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Alkaline Phosphatase (ALP)

Alkaline phosphatase refers to a family of enzymes that catalyze hydrolysis of phosphate esters at an alkaline pH.ALP is present (in decreasing order of abundance) in placenta, intestine, kidney, bone and liver. In adults, more than 80% of serum ALP activity derives from liver and bone. In late pregnancy, placental ALP is increased. In children and adolescents most serum ALP activity originates in osteoblasts and correlates with the rate of bone growth. The serum half‑life is seven days.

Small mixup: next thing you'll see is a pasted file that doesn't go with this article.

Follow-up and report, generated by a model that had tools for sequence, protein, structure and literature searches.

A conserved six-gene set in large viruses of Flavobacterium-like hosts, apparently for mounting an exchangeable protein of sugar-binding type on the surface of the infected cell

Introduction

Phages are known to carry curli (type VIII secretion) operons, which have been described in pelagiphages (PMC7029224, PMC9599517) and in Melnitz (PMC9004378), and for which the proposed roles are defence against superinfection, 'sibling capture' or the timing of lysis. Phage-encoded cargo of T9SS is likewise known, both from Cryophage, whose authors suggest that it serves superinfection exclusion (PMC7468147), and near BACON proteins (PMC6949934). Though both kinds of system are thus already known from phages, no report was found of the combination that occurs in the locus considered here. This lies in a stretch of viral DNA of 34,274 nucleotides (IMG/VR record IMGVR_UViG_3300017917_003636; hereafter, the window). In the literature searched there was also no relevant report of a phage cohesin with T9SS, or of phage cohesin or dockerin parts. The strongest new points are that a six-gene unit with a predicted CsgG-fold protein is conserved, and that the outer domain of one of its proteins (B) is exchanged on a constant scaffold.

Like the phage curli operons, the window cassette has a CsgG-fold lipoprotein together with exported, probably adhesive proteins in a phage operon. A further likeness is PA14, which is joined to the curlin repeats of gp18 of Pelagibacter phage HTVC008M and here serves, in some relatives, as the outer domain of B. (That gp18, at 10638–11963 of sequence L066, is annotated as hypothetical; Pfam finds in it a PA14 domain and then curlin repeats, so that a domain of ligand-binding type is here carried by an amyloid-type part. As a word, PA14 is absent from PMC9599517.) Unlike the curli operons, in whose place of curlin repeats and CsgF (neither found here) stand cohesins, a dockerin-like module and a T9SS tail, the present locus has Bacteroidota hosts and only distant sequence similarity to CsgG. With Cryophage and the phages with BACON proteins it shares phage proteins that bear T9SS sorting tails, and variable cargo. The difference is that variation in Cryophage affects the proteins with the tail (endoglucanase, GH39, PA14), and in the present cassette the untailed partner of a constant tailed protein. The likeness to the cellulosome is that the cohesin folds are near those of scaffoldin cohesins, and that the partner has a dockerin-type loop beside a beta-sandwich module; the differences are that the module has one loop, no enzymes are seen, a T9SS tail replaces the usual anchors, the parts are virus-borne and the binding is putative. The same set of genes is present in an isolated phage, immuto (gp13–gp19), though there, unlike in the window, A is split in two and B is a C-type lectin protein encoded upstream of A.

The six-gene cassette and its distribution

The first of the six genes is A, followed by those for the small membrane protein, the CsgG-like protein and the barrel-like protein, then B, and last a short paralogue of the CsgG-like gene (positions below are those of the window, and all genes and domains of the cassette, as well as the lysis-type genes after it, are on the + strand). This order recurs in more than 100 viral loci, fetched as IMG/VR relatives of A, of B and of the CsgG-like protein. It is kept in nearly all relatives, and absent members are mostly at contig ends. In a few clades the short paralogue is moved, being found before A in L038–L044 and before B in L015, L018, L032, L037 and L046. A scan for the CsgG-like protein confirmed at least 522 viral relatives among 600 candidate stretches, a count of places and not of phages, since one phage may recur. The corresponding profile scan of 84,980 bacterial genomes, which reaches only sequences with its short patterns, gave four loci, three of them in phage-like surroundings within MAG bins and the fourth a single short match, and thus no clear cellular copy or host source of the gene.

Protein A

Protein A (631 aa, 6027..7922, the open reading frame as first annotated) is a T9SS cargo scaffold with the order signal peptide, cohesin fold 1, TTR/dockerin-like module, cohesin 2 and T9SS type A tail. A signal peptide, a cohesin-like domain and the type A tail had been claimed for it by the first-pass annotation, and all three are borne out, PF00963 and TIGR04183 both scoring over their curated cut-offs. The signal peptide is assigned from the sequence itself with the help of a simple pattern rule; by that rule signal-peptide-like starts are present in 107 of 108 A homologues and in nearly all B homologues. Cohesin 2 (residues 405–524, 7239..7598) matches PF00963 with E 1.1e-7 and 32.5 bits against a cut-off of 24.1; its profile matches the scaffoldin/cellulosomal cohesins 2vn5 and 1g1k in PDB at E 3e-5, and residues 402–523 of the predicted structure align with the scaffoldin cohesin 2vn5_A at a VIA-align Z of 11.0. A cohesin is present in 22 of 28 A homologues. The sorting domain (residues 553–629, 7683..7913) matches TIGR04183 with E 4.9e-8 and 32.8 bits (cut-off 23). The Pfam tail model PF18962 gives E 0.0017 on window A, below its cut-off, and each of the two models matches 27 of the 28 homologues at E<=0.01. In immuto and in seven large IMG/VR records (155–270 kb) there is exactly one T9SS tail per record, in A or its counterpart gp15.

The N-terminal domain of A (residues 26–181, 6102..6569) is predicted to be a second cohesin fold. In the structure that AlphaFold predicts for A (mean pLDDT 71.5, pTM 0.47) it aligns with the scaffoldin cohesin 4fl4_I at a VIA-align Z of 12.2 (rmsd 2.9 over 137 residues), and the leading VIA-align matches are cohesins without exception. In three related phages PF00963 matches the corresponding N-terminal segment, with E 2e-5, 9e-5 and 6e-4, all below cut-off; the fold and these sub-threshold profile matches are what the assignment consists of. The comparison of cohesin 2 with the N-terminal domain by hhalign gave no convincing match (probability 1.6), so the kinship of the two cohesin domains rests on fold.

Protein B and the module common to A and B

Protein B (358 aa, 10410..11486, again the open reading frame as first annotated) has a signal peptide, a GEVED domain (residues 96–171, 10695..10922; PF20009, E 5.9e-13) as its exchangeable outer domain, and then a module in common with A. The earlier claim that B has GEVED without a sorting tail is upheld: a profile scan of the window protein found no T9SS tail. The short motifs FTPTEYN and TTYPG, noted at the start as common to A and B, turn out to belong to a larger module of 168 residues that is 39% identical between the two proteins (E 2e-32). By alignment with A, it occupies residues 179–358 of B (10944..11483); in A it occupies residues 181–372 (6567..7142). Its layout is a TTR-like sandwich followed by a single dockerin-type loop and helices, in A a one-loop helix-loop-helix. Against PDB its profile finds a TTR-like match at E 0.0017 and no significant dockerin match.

Several caveats must be remembered in interpreting ALP results:

  • ALP levels should always be measured after fasting because enzyme levels increase as much as 30 U/L after food ingestion. Patients with blood group O and B who are secretors can have increased ALP levels after eating a fatty meal because of the release of intestinal enzyme.
  • African Americans have 10 to 15% higher ALP serum levels than Caucasians.
  • In children, ALP is increased up to 3 times th

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